October 5, 2020 – Ottawa – National Defence / Canadian Armed Forces / Veterans Affairs Canada
The Honourable Harjit S. Sajjan, Minister of National Defence, and the Honourable Lawrence MacAulay, Minister of Veterans Affairs and Associate Minister of National Defence, today issued the following statement in support of Mental Illness Awareness Week:
“This week we mark Mental Illness Awareness Week and the third anniversary of the Joint Suicide Prevention Strategy. This week, we observe an annual national public education campaign to raise awareness and decrease the stigma associated with mental illness.
“We recognize the tremendous sacrifices Canadian Armed Forces members make, and Veterans have made in service to our country. We also thank their families for their continuous support and sacrifice. Our members’ health is our priority, and we are committed to ensuring that our military personnel and those who have served Canada receive the highest standard of health care and support for mental illness.
“The first step to getting help for mental illness is identifying the need. Engaging in Mental Illness Awareness Week will help us all learn more about how to recognize the signs of mental illness in ourselves, or those around us, whether it’s a family member, friend, or a colleague. As well, restrictions in physical, in-person interactions with others during the global COVID-19 pandemic have introduced new challenges for many of those suffering from mental illness, and that is why it is more important than ever to know about the resources available.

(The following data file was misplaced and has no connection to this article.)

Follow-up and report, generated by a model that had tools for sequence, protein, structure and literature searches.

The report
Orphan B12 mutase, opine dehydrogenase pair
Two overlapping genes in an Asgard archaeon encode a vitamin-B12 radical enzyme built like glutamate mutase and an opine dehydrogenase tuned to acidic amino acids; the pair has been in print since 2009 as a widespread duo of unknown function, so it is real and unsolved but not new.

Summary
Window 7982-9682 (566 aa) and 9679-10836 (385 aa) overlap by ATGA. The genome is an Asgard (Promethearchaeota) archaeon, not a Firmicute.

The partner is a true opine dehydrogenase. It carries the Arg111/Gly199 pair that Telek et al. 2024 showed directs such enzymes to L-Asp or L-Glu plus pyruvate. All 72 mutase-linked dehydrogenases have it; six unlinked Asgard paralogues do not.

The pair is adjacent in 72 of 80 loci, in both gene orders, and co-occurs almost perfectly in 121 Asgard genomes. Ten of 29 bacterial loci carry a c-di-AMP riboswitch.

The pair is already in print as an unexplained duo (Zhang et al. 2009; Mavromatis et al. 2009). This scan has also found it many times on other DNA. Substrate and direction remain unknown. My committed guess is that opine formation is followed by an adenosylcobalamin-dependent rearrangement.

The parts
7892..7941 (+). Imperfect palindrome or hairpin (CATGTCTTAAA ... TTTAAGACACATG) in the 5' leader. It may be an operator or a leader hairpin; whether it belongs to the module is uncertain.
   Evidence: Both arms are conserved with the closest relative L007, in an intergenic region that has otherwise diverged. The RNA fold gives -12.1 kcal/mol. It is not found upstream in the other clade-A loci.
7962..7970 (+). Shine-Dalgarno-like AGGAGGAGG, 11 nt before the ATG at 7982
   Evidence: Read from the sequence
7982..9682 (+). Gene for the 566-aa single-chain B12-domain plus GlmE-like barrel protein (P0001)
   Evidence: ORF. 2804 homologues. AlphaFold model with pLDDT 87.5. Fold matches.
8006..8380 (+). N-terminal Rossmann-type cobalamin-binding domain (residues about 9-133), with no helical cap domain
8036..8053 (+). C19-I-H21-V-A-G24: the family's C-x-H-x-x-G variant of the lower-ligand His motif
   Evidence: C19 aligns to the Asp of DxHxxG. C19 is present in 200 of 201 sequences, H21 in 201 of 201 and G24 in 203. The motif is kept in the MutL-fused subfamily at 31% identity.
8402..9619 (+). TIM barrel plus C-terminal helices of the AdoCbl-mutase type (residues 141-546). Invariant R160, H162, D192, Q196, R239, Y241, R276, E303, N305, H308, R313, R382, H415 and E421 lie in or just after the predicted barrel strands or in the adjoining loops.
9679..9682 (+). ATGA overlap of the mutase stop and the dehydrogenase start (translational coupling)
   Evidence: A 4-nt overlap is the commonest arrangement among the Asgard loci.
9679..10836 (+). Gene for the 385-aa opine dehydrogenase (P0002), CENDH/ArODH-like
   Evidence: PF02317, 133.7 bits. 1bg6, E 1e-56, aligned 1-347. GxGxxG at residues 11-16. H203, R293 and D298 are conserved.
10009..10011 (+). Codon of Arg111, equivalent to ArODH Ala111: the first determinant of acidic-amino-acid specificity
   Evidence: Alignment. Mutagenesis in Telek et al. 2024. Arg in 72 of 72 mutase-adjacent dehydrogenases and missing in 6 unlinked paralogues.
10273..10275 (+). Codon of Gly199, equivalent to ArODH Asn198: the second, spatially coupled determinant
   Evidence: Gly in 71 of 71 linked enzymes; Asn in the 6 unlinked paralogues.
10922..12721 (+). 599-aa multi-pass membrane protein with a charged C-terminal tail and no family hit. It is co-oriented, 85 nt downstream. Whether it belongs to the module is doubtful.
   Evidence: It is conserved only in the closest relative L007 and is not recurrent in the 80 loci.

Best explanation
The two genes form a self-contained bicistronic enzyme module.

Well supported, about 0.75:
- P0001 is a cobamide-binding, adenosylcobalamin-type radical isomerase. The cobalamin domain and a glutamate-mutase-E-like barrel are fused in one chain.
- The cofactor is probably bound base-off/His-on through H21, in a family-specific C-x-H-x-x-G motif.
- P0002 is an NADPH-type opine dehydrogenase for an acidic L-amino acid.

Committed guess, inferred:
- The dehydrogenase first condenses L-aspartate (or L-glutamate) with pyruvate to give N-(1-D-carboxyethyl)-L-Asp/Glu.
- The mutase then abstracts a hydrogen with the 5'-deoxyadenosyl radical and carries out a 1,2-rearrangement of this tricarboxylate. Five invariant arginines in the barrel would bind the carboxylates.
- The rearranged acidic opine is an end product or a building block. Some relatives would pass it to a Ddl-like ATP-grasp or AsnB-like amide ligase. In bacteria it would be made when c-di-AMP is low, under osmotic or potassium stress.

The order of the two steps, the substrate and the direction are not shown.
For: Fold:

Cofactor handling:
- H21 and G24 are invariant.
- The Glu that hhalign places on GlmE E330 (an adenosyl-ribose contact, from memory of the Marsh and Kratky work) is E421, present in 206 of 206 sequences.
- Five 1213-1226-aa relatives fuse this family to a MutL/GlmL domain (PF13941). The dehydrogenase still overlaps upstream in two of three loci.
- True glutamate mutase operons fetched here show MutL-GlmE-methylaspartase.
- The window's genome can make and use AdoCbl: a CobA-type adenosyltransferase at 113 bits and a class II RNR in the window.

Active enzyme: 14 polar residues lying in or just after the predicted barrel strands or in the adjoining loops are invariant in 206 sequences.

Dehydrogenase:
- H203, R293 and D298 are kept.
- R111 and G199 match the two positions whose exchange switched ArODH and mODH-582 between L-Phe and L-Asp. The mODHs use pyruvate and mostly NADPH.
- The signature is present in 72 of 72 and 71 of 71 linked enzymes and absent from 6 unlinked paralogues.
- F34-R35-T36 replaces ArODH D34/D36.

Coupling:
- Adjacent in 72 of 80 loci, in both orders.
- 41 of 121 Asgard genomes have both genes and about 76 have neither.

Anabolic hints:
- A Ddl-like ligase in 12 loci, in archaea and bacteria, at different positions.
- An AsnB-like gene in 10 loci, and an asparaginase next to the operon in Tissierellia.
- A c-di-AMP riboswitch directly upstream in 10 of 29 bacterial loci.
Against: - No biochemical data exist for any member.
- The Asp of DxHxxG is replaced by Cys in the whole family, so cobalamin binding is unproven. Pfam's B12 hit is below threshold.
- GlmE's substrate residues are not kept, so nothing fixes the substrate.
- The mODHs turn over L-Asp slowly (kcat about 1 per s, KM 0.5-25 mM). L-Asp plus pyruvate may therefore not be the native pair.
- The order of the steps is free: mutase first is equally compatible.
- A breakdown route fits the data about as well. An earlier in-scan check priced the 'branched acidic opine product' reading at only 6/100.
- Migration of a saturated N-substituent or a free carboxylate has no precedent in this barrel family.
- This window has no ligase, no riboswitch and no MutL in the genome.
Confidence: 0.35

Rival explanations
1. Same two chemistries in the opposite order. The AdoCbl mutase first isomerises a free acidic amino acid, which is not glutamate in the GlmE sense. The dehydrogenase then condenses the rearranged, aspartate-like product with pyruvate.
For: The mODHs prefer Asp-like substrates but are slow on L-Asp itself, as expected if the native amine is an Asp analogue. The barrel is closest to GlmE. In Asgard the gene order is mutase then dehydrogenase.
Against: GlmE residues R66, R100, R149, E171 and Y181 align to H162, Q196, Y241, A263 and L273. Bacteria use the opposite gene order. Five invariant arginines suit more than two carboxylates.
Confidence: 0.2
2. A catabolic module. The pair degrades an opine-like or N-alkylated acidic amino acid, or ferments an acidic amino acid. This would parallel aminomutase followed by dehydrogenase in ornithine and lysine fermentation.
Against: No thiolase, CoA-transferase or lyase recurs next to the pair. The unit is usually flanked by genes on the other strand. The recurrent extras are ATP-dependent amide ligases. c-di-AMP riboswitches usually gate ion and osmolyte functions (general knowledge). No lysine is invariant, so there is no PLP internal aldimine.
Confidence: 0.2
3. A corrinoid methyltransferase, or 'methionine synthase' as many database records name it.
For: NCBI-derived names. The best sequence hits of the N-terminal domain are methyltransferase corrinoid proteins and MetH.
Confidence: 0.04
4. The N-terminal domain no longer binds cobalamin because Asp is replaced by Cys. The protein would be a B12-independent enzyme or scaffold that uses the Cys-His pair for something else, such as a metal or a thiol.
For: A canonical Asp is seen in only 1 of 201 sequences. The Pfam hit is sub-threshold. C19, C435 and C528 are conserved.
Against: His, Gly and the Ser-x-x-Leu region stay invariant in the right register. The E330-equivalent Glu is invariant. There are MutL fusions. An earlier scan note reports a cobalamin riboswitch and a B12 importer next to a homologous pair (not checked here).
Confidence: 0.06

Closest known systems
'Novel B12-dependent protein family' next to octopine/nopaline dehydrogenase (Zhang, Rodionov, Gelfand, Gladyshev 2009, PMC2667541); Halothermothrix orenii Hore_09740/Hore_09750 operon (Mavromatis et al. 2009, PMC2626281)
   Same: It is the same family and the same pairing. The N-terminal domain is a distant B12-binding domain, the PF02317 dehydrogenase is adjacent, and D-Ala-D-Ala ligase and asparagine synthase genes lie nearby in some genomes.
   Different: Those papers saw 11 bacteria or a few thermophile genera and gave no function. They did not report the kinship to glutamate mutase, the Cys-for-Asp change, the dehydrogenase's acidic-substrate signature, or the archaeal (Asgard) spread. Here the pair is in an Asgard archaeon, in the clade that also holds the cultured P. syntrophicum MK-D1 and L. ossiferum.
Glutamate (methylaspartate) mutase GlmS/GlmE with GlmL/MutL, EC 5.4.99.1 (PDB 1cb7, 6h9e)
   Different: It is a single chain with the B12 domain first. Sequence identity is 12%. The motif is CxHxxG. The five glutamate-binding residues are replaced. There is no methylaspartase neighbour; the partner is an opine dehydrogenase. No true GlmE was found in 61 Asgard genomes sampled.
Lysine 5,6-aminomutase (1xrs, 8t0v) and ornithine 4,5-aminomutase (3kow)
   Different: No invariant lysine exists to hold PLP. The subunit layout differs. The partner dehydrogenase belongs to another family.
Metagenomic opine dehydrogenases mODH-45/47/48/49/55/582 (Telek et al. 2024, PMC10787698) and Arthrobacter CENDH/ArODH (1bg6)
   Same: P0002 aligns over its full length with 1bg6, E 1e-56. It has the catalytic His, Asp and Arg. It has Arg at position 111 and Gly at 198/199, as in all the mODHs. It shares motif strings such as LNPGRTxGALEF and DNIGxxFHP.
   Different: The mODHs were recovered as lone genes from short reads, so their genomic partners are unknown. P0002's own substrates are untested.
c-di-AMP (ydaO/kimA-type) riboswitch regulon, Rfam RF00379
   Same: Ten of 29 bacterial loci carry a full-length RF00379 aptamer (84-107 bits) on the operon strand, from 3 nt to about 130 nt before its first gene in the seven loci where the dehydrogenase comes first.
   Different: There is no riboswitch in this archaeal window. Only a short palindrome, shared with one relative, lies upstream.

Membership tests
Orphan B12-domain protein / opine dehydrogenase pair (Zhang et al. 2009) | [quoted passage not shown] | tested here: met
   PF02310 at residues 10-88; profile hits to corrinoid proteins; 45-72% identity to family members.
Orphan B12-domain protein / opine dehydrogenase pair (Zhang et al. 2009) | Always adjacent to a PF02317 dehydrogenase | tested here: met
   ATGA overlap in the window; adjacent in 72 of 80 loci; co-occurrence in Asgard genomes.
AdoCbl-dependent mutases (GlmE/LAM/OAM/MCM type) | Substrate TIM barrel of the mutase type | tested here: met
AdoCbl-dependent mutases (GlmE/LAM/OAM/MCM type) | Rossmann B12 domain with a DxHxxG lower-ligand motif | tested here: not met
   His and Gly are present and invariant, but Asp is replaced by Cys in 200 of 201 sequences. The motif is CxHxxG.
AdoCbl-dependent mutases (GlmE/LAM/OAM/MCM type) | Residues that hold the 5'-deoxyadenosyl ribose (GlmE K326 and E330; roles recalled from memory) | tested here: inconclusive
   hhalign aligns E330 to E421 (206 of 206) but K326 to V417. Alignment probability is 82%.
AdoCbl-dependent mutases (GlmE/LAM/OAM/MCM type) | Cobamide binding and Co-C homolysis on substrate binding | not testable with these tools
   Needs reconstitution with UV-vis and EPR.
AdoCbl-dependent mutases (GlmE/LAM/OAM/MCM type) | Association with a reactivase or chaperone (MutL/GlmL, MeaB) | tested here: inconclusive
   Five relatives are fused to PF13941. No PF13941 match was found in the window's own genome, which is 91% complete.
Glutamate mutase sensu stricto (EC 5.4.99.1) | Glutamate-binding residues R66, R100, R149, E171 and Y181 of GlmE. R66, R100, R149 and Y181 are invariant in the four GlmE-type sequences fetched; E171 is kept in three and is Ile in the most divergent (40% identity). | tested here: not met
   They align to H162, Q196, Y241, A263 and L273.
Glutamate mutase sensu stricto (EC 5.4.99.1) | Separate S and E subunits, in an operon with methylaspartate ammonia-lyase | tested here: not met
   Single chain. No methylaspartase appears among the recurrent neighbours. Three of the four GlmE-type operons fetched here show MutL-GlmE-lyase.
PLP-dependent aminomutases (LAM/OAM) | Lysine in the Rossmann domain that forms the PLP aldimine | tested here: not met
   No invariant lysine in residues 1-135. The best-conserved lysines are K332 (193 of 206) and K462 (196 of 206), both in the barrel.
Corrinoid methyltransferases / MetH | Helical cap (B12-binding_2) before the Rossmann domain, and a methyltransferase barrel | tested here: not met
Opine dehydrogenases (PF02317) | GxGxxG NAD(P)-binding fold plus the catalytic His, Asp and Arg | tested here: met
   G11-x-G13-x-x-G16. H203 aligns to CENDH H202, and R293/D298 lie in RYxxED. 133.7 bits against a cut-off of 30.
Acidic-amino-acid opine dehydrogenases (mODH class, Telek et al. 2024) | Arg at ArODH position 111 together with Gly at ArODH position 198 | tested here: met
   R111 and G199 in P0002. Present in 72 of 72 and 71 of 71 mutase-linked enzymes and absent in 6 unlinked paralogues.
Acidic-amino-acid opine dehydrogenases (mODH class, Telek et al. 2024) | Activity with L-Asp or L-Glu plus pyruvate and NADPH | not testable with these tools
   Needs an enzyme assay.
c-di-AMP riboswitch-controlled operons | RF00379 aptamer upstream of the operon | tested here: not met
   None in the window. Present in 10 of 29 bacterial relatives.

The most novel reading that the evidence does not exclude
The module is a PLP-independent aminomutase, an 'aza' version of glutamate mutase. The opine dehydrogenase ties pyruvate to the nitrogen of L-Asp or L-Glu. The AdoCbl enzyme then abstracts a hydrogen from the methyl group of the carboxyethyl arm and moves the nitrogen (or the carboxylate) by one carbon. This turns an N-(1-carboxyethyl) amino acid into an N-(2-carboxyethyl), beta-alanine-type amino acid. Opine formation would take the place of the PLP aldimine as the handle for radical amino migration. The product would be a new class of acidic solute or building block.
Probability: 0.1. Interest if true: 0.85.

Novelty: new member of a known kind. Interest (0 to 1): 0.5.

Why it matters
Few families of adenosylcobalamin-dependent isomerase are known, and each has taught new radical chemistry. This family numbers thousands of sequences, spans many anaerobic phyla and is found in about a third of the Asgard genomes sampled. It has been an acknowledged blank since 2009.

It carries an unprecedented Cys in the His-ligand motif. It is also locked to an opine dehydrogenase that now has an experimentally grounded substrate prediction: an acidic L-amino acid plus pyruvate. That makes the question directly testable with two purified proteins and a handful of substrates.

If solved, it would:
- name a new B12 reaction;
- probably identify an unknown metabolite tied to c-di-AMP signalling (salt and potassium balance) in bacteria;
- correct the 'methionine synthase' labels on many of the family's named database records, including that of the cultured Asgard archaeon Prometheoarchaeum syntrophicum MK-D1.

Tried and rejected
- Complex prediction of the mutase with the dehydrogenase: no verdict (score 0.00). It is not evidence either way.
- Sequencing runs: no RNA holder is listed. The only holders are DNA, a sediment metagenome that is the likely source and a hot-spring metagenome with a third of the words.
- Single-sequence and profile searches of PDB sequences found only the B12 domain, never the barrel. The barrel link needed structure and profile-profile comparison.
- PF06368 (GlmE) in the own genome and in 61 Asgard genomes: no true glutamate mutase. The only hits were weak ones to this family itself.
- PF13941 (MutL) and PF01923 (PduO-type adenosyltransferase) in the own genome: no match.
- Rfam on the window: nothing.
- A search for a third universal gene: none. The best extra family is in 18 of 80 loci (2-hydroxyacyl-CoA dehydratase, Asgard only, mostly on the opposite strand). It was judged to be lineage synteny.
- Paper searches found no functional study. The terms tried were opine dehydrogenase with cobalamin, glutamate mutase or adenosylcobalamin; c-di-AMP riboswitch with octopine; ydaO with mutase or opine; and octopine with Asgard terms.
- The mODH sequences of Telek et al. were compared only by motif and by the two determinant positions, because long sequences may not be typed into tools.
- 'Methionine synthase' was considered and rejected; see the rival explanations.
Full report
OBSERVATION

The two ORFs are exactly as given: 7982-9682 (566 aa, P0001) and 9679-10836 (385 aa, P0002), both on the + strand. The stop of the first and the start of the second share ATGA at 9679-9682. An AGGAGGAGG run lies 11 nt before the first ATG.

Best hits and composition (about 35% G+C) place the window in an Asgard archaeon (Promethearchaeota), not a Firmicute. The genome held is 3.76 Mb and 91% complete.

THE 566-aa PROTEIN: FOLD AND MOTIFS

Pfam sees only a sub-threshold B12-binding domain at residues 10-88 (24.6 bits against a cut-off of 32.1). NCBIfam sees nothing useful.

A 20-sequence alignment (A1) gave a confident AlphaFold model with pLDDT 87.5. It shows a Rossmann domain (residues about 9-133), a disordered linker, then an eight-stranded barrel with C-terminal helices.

“Mental illness cannot be tackled alone: we would like to thank the Canadian Alliance on Mental Illness and Mental Health, and the Canadian Mental Health Association, for their contributions to informing Canadians about the reality of mental illness.
“Our message to Canadian Armed Forces members, Veterans, and their families is this: continue to educate yourself on recognizing mental illness in yourself and others, connect with each other, and most importantly, reach out for help. There are many resources available to all of you, you do not have to do it alone. By standing together and supporting each other, we can end the stigma surrounding mental illness.”
- If you or someone you know requires emergency mental health assistance, please call 911 or accompany them—or have someone accompany you—to your local emergency department.
- For less urgent needs, help is available to military personnel at the nearest Canadian Armed Forces health clinic. Serving members, Veterans, and civilian employees of the Department of National Defence can call 1-800-268-7708 for the Canadian Armed Forces Member Assistance Program, the Veterans Affairs Canada Assistance Service, the Employee Assistance Program (EAP), and the EAP peer referral service. All these services are free of charge and available 24 hours a day, 365 days a year.
- Veterans Affairs Canada (VAC) has a well-established national network of approximately 12,000 community mental health professionals who deliver mental health services to eligible Veterans and serving and released Royal Canadian Mounted Police (RCMP) officers with post-traumatic stress disorder or other mental health conditions. Additional VAC services include a network of 11 operational stress injury clinics across the country. These clinics are complemented by the Canadian Armed Forces network of seven Operational Trauma and Stress Support Centres, which cater primarily to currently serving military personnel.
- The Veterans Affairs Canada-Canadian Armed Forces Operational Stress Injury Social Support program provides peer-based support to those suffering with operational stress injuries and their families. The program employs full-time peer support and family peer support coordinators, and also has a well-developed volunteer training and mentoring program.
EAP peer referral service (accessible only on the Department of National Defence network)